For fans and enthusiasts of space exploration, the name Kevin Gill ought to be a familiar one. As a software engineer at NASA’s Jet Propulsion Laboratory who specializes in data visualization and analysis, he has a long history of bringing space exploration to life through imagery. Among his most recent offerings is a very interesting pic taken by the Curiosity rover early in its mission.

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Mars 2020 Stands Up on its Wheels For The First Time

This coming July, the Mars 2020 rover will launch from Cape Canaveral, Florida, and begin its journey to the Red Planet. After it touches down in the Jezero Crater, the rover will commence science operations similar to what Curiosity has been doing since 2012. This will consist of driving over rough terrain, sampling the atmosphere, collecting drill samples, and subjecting them to chemical analysis.

In order to get it ready for this mission, the engineering team over at NASA’s Jet Propulsion Laboratory are putting the rover through its paces. On Oct. 8th, this included placing the full weight of the rover on its legs and wheels for the first time ever. This event, which was tantamount to an infant standing for the very first time, was captured with a time-lapse video that you can see below.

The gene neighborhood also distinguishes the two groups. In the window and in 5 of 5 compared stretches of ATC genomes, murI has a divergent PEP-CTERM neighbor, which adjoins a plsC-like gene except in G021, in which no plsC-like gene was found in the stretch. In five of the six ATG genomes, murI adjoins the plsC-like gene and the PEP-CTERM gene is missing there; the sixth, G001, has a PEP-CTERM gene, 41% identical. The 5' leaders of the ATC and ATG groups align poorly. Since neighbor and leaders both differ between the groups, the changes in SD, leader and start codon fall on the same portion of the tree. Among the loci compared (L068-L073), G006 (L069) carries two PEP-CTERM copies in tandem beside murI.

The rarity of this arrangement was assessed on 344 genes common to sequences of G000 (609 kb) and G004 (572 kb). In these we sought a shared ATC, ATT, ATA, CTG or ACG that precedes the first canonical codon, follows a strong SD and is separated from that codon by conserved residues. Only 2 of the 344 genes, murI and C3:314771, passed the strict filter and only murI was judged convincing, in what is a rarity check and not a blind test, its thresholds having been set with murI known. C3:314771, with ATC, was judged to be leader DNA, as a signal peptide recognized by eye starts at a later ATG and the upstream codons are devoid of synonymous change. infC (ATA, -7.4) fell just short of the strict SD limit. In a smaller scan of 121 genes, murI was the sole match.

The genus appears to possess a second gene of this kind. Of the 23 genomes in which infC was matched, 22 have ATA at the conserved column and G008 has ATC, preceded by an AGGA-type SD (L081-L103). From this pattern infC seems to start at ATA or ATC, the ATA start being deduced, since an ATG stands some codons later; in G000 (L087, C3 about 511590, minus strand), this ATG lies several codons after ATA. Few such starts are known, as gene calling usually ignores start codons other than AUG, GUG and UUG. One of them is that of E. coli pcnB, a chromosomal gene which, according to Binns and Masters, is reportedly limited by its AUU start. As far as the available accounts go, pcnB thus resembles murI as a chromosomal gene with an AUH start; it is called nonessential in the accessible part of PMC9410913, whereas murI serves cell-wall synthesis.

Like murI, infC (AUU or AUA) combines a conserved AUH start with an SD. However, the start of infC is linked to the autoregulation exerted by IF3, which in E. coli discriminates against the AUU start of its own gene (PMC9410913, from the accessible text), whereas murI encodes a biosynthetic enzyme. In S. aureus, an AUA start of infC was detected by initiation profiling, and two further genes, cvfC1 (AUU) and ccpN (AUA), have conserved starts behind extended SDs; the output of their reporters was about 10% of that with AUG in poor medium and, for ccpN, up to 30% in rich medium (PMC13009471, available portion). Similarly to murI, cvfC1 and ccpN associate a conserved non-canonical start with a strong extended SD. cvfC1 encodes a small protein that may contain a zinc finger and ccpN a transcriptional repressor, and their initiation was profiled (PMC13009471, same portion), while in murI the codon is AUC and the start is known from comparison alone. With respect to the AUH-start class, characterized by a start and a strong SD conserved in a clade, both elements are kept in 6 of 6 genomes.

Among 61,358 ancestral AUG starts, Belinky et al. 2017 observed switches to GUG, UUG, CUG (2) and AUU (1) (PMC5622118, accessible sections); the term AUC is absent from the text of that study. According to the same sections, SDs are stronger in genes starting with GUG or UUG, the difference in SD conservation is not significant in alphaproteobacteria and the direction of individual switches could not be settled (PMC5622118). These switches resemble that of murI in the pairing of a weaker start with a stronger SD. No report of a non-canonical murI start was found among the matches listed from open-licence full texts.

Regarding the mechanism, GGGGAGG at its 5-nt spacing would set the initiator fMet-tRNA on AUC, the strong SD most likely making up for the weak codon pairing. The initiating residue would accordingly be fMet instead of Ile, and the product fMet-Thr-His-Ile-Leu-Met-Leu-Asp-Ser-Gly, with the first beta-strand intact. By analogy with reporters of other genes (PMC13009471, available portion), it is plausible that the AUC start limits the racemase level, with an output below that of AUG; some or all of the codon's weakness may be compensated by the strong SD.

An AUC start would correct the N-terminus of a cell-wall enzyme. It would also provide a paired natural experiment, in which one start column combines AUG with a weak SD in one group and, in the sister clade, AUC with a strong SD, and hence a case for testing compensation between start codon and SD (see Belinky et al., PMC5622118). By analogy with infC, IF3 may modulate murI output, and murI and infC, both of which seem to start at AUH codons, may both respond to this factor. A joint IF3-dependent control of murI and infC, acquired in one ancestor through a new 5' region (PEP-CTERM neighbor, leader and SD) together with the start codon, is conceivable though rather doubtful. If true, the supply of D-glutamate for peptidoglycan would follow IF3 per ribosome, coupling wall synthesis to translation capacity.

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Curiosity Finds A Region of Ancient Dried Mud. It Could Have Been an Oasis Billions of Year Ago

What happened to Mars? If Mars and Earth were once similar, as scientists think, what happened to all the water? Did there used to be enough to support life?

Thanks to the Mars Science Laboratory (MSL) Curiosity, we’re getting a better picture of ancient Mars and what it went through billions of years ago. A new study published in Nature Geoscience says that Mars likely underwent alternating periods of wet and dry, before becoming the frigid, dry desert it is now. Or at least, Gale Crater did.

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Curiosity Sniffs a Spike in Methane. Could it be a Sign of Life?

Since it landed on Mars in 2012, one of the main scientific objectives of the Curiosity rover has been finding evidence of past (or even present) life on the Red Planet. In 2014, the rover may have accomplished this very thing when it detected a tenfold increase in atmospheric methane in its vicinity and found traces of complex organic molecules in drill samples while poking around in the Gale Crater.